During a third-period timeout, the Nets' mascot—a blue something or other known as Super Dunk—brandished an eye chart as he walked toward Bill Spooner, a young referee. It was not the most original of gimmicks, but, then, Super Dunk is not the most original of mascots. Spooner looked away for a few seconds, then walked unsmilingly toward Super Dunk, grabbed the chart, strode across the court and threw the chart on the scorer's table.
And what did Garretson, who was also working the game, do to help out his colleague? As a few boos rained down on Spooner, Garretson, with a look on his face that hinted disapproval, spread his arms for the guys on row and mouthed the words, "What's he doing?" Garretson then said out loud, "When he gets older, he'll think that's funny." Later, during another mildewed timeout bit by Super Dunk, Garretson was offered and accepted a pair of eyeglasses.
So, which is it, Darell? Do as you say? Or do as you do?
Which of the NBA's 27 teams are the most pleasant and unpleasant surprises this season? That was the question posed to SI's 16-player panel this week. As usual, players could not vote for their own team, which made Joe Dumars's initial response invalid. "Hmm," said Dumars, "I'd say the Pistons on both counts."
Actually, Dumars and six other voters helped the Nets score a clear victory over the Magic and the Sonics (both claimed four votes) for most pleasant surprise. The only other team to get a vote was the Kings, who earned Karl Malone's nod. "Let me tell you," said Malone, "they're building one tough team out there."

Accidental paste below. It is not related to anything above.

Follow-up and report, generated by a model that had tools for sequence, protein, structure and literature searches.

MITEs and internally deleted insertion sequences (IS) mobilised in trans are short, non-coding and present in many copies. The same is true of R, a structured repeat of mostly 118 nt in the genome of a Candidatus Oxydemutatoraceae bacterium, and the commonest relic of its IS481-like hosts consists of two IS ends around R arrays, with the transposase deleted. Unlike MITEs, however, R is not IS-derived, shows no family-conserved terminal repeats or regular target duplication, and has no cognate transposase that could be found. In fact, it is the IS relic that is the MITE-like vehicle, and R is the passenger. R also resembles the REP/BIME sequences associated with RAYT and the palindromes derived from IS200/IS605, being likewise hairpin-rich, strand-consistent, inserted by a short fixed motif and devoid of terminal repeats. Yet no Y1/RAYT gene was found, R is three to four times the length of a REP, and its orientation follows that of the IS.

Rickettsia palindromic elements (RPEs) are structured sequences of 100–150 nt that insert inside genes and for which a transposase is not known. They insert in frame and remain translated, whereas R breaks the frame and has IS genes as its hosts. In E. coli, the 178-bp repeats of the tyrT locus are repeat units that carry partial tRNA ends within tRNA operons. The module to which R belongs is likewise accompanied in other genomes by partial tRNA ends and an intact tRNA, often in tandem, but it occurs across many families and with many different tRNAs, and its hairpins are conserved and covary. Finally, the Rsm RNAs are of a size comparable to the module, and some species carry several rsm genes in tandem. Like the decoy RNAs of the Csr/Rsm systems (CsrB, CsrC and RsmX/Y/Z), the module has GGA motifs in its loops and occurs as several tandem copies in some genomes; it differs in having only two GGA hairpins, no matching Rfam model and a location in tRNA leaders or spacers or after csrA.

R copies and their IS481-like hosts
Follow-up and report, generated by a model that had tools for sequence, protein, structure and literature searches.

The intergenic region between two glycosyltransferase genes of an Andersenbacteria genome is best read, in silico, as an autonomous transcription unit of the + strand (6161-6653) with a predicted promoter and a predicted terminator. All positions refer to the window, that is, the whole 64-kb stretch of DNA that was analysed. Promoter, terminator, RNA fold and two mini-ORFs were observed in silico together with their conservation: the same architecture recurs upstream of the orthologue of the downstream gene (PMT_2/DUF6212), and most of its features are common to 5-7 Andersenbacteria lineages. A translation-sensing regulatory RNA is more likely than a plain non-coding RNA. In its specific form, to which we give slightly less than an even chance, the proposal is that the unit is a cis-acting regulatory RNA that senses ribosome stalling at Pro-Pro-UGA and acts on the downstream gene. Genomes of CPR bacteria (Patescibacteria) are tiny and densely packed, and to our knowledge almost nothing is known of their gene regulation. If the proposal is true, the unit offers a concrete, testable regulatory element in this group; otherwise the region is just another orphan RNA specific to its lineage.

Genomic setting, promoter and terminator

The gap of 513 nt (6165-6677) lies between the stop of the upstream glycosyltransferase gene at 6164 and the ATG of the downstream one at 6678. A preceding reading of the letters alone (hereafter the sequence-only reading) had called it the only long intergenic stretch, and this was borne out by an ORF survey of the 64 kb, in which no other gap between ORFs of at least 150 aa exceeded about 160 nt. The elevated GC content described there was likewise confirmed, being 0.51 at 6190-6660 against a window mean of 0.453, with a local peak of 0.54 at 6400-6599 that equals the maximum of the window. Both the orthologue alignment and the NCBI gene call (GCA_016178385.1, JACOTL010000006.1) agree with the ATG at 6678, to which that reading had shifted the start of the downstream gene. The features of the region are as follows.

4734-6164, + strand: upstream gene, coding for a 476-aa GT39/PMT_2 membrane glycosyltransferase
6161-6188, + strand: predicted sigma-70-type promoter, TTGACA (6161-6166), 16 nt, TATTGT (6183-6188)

The Net boosters were clear on their reasons: They expected Chuck Daly to make New Jersey better, but it is still a surprise when a Net team plays with cohesiveness and intelligence, as this one does (most of the time, anyway). Ditto for the Sonics, about whom voter Sam Bowie said, "They can win it all." And though the addition of Shaquille O'Neal figured to vastly improve the Magic, voters Clyde Drexler, Scott Hastings, Chris Mullin and Dominique Wilkins nevertheless found the Magic (17-17 at week's end) surprising. Said Hastings, "They're still a team with only two or three good players."
The Heat (12-25) was deemed the most disappointing team, with six votes. While acknowledging that the injury to point guard Steve Smith (he joined the team on Jan. 20 after missing the first 34 games) has hurt Miami, Reggie Miller summarized the majority s opinion: "They looked to be a breakthrough team last year, but they've gone backward." Not surprisingly, the Mavericks (3-33) got three votes. "You knew they weren't a top team," said Wilkins, "but there was no way they could sink this low." More surprisingly, the 21-19 Celtics got two votes, one from ex-Celt Danny Ainge: "After Cleveland and Chicago, I thought Boston and New York would fight it out," he said. (The other Celtic voter preferred anonymity.)
Completing the voting with one each were the Warriors (Dumars), the Pacers ( Malone), the Timberwolves ( Drexler), the Knicks ( Michael Adams) and the Bulls (Hastings).
The Bulls? The defending champs, who through last weekend still had the league's fourth-best record? "Obviously, winning another NBA championship isn't their main focus any longer," said Hastings in words that may soon appear on coach Phil Jackson's bulletin board. "Now, it's who gets the shots, who gets the points, who gets the money."